Blessings and Love to one and all this beautiful late November morning...

Wednesday, November 23, 2011

Happy Thanksgiving To You Dear Friends...

This is a video of a beautiful piece of music that has meant the world to me for decades now, George Winston's Thanksgiving. I share it here with you for it's innate beauty, peaceful calm, to celebrate all that I am grateful for in my life, the many blessings that I have had, do have, and will have in the future, and I want you to know how deeply grateful I am that you share a few moments of your life with me each time you visit here. I thank you from the bottom of my heart.

Blessings, Love, and Happy Thanksgiving to you all...

This post is dedicated to little Pugsley, the newest member of my family of pugs, who came just a few short weeks ago, having been badly abused, very frightened, and now, at home, at peace, in my heart and home forever. Happy First Thanksgiving with us little Pugsley...

Sunday, November 20, 2011

Sometimes On Saturday Nights I Get Lonely...

I think loneliness is like the dark side of the moon...

... a mysterious state of mind that rises when we are empty, when there is a place for thoughts to arise. During these times depression sometimes washes over me and feels unmanageable. I know that I am not alone in this. It is that very knowledge that makes me feel less lonely. We are never really alone. You are in your house and I am in mine. Two of the pugs went racing through the dog door outside and are barking at things I cannot see or hear. Even though it is 11:00 at night the 2 youngsters, Tanner and Pugsley, are in and out that door like it is the middle of the day. Dear old Sam is barking inside, just feet away from me, having his say, but at 13 he'd rather do it from the comforts of the soft world inside. Wee little Penny is asleep on my feet on top of the fluffy afghan.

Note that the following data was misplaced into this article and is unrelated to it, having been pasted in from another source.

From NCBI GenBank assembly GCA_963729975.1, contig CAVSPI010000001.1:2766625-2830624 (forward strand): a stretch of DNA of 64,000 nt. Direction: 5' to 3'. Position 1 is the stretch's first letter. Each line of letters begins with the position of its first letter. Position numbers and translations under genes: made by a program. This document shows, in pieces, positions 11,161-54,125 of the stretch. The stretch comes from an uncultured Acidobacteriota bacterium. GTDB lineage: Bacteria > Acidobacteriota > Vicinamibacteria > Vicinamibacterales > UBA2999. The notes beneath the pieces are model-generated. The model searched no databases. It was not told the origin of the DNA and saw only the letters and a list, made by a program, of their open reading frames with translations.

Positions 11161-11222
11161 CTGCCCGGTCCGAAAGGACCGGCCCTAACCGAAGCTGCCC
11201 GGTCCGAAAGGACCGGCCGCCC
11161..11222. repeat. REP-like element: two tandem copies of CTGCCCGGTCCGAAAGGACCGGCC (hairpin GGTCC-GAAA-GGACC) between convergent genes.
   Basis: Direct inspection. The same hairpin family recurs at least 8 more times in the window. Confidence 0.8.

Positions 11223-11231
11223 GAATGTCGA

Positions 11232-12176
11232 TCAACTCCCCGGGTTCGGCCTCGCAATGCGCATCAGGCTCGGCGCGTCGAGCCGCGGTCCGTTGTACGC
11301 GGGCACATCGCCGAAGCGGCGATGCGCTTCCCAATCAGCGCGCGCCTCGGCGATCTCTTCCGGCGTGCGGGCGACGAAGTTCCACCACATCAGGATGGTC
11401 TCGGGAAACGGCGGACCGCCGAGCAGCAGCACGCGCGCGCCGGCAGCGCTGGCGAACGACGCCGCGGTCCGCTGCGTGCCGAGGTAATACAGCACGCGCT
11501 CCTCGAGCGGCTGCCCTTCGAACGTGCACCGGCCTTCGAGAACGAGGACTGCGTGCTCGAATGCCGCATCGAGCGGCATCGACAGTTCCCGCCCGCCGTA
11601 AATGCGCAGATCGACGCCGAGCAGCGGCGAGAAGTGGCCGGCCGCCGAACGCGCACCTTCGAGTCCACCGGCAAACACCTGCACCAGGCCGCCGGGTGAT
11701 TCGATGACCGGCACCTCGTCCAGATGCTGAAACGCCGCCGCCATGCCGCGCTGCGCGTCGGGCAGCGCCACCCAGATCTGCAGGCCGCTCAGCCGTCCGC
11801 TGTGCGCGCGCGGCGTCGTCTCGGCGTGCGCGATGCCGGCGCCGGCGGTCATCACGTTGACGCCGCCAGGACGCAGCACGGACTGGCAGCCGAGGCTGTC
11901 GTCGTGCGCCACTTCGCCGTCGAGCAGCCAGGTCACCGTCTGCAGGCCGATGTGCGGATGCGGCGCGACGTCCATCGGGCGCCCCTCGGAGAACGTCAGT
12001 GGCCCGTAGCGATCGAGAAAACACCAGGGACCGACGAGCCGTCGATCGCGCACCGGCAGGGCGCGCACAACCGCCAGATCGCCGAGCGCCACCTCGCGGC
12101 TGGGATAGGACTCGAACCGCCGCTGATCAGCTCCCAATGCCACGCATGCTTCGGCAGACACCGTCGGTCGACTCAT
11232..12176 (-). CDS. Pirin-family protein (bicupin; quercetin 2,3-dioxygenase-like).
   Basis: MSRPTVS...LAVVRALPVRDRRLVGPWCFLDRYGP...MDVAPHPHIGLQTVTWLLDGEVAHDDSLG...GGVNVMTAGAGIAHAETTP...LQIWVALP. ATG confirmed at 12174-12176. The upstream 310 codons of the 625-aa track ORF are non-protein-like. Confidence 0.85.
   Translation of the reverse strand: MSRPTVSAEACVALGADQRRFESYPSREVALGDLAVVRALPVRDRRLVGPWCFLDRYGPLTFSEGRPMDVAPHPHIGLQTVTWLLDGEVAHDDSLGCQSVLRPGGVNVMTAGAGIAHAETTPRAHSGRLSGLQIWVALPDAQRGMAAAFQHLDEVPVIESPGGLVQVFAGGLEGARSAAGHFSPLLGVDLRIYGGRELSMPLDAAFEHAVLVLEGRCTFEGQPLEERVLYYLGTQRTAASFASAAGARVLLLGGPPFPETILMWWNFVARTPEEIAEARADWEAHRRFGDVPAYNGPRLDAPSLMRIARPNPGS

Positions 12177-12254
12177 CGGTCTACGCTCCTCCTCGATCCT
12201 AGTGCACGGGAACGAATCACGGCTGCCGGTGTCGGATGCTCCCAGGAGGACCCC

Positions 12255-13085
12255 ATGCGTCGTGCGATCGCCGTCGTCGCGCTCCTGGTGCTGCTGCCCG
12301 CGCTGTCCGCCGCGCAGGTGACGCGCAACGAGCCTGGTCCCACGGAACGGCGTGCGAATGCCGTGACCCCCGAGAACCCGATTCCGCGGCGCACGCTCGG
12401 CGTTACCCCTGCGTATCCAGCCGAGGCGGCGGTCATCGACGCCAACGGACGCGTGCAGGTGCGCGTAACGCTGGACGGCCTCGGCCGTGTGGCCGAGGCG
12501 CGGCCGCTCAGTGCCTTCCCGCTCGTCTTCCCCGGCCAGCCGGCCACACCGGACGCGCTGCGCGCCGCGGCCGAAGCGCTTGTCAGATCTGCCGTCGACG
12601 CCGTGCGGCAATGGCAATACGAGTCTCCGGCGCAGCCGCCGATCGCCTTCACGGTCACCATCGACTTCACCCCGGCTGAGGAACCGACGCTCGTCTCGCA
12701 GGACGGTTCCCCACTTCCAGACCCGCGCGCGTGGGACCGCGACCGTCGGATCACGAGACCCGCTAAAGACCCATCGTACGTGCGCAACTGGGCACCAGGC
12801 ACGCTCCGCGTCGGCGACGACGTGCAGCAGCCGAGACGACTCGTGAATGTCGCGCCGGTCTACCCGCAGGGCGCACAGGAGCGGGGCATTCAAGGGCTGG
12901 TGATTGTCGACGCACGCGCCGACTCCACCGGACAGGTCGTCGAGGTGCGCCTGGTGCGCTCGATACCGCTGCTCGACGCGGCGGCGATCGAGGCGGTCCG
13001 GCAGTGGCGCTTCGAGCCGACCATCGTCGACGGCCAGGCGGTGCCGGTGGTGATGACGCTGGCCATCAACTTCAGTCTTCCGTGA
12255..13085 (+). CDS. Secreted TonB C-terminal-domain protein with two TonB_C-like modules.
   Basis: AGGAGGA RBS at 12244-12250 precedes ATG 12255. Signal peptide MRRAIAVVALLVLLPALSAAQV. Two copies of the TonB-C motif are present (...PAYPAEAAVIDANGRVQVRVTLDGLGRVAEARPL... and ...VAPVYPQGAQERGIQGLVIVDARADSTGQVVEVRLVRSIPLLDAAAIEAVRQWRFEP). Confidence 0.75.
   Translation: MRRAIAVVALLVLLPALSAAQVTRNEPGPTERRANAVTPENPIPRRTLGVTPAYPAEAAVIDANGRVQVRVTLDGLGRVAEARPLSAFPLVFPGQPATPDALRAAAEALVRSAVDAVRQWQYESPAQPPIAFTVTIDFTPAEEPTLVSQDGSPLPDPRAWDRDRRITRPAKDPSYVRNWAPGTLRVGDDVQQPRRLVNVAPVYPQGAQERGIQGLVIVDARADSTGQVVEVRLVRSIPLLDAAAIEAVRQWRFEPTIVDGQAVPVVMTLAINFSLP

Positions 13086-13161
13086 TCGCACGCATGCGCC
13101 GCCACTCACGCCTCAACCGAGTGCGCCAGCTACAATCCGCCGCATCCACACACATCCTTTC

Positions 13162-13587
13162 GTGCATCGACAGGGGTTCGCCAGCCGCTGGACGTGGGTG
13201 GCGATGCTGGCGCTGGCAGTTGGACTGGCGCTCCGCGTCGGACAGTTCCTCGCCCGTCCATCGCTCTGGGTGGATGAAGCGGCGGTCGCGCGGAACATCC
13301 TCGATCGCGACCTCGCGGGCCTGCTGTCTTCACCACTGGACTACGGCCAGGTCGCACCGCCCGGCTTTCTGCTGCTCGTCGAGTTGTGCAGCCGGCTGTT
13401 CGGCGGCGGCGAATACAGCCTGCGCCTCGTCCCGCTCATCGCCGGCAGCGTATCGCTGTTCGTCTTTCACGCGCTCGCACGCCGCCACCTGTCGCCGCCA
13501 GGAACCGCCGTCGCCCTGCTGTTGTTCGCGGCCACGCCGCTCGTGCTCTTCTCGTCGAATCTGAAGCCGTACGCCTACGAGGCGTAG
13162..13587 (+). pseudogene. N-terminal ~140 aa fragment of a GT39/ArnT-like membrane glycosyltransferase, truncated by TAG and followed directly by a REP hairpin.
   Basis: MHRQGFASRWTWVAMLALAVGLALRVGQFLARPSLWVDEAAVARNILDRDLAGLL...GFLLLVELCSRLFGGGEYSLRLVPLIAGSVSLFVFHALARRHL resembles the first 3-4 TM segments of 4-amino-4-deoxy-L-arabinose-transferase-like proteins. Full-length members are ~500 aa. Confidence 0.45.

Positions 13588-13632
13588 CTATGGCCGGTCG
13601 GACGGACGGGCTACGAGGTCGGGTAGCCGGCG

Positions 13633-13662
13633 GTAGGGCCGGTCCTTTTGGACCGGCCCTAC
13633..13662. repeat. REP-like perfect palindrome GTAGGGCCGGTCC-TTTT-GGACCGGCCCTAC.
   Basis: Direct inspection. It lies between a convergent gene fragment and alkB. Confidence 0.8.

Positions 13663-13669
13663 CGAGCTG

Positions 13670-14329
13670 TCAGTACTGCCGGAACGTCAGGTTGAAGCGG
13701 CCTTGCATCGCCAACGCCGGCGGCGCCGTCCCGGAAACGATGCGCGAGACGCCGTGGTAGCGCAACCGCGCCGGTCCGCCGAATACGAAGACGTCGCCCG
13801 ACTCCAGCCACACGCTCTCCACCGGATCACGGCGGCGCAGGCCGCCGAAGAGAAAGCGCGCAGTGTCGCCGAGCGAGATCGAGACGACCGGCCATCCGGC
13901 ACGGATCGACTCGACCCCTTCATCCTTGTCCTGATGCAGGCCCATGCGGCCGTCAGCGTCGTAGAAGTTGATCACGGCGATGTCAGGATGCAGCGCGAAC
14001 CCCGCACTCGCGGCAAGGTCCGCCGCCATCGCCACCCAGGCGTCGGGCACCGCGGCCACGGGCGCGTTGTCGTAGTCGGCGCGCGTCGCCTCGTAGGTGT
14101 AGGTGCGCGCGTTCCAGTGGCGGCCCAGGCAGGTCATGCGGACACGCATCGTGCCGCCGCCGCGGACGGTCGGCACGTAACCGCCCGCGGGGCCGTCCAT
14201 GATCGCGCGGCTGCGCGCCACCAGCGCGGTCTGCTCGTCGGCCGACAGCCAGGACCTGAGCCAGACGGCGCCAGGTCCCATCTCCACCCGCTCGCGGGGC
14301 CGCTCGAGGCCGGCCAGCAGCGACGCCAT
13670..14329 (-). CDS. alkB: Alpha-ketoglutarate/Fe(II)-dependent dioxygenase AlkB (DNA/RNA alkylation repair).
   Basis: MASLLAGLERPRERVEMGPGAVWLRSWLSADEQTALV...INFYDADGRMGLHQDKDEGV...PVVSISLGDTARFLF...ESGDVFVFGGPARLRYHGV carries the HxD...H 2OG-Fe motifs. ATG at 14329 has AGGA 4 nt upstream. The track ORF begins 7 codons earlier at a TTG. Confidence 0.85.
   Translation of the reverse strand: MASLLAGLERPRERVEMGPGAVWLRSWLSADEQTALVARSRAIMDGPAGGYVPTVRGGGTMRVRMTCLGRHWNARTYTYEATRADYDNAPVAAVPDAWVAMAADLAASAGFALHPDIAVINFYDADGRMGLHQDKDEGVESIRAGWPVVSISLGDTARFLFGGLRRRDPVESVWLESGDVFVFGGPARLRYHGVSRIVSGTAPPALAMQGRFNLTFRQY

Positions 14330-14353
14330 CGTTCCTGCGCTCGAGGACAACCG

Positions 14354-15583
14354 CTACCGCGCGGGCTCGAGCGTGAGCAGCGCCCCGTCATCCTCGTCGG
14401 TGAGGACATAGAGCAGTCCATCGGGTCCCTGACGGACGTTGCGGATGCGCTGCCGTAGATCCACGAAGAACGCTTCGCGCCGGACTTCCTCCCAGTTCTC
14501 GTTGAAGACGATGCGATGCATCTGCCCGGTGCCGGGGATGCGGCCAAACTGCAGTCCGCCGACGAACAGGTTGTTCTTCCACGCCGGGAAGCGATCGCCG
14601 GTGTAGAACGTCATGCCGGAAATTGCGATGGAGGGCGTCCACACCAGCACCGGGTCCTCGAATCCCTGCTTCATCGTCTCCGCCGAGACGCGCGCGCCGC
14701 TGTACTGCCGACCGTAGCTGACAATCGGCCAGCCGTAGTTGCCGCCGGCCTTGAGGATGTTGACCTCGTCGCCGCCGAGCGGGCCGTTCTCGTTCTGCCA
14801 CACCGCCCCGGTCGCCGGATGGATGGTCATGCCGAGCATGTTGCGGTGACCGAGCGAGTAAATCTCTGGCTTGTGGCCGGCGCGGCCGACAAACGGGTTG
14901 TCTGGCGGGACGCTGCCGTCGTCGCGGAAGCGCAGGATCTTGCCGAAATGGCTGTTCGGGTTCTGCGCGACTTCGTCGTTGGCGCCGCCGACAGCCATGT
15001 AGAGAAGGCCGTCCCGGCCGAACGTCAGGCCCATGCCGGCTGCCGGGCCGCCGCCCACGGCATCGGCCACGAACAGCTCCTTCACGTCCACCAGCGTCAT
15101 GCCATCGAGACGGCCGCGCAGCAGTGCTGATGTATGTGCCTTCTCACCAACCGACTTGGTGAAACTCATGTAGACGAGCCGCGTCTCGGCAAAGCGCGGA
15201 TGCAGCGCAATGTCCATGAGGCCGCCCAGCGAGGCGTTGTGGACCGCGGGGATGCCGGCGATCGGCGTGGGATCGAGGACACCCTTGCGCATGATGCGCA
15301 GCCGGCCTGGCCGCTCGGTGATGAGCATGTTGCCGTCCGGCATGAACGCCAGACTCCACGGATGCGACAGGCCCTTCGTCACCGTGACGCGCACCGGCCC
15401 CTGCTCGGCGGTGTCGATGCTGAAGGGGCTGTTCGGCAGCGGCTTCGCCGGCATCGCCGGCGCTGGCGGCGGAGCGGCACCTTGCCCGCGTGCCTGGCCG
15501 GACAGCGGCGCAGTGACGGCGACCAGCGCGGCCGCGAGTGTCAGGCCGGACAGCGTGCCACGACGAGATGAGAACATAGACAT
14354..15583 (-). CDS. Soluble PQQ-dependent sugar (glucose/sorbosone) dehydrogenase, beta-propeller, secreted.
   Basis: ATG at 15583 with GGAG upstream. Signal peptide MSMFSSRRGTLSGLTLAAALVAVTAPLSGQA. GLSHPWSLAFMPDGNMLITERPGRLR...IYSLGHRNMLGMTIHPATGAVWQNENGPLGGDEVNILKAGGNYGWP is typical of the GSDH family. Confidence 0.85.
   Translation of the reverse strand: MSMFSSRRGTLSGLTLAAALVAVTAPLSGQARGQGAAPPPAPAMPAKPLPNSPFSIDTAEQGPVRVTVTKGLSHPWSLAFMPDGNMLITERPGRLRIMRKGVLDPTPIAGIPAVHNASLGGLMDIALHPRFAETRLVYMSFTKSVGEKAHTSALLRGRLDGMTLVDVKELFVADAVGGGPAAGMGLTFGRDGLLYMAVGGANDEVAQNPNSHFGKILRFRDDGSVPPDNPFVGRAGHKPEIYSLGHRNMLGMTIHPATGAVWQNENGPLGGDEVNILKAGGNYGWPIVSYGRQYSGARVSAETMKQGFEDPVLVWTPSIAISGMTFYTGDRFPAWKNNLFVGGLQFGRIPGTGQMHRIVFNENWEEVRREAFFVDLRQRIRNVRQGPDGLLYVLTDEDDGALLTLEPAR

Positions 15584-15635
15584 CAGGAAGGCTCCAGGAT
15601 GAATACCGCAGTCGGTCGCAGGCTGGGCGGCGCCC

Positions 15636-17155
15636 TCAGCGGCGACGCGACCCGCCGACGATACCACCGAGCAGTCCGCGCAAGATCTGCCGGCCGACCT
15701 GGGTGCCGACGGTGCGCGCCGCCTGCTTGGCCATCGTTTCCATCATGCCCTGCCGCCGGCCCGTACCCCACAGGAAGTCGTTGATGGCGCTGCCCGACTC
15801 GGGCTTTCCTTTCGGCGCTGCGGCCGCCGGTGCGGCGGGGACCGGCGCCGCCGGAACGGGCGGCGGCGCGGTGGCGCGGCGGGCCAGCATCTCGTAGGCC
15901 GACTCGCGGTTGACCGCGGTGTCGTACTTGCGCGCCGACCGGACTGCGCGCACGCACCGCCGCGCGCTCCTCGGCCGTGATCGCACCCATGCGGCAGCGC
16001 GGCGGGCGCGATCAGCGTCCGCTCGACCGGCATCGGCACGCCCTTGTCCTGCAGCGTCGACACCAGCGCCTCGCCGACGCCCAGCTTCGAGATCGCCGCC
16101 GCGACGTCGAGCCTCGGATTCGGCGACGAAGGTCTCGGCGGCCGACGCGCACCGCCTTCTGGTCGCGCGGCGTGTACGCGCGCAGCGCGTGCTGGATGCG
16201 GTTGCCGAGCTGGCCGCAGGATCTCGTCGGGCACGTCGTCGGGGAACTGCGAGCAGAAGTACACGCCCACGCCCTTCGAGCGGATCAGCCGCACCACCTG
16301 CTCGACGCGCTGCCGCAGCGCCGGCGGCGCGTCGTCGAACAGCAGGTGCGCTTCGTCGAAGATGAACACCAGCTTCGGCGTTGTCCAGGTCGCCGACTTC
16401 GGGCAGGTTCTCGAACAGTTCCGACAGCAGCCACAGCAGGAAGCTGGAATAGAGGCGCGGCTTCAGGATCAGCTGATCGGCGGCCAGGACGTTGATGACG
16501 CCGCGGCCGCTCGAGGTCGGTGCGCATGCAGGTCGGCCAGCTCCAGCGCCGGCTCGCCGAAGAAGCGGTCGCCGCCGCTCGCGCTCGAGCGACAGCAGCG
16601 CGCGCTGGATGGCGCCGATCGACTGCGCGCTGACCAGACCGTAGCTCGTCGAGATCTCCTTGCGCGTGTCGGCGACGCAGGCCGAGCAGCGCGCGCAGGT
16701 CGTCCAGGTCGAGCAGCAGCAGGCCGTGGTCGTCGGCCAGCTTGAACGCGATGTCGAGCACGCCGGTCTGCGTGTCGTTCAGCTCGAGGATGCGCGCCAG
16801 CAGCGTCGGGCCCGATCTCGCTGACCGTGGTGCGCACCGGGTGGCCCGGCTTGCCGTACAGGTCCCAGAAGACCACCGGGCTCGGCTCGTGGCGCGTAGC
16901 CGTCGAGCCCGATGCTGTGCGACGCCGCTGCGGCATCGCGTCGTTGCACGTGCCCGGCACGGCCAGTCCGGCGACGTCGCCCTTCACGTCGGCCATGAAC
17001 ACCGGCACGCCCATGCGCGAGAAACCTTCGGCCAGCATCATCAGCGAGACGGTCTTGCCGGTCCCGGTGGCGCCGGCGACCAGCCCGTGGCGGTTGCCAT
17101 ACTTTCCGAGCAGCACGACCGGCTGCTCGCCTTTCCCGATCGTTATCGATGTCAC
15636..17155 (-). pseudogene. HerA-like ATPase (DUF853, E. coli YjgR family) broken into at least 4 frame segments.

When dark times arise I think it is good to acknowledge them, feel them, feel it all to ease our way through it. Some nights I have had a glass of wine, usually sipping half and putting the rest back in the refrigerator. It just makes me sleepy. I'd rather feel the hollowness inside and see where it leads. It leads to mysterious places, sometimes, like that side of the moon we never see.

I thought I might just let my mind wander and ramble a bit here to clear the way back to a comfortable solitude. My favorite writer and dear friend May Sarton once wrote, "Loneliness is the poverty of self; solitude is the richness of self." Mostly I live in solitude but we all slip into loneliness at times. Saturday nights seem to be the time when the ache of that existential loneliness that we all feel at times rises for me. Not every Saturday, but some. It is the time I miss my love who is currently far away. But the pugs are here, and I am shored up by their sweetness. They are not happy that I am writing this late. They don't know what to do. Usually when I do write late I am writing on my laptop on the couch so they can be in their usual places where we all belong at night, snuggled together with pillows and covers, but my laptop went kaput and the new one has not arrived yet. I took a long hot shower to change gears and thought sitting here for awhile to share my thoughts with you might be comforting, and it is.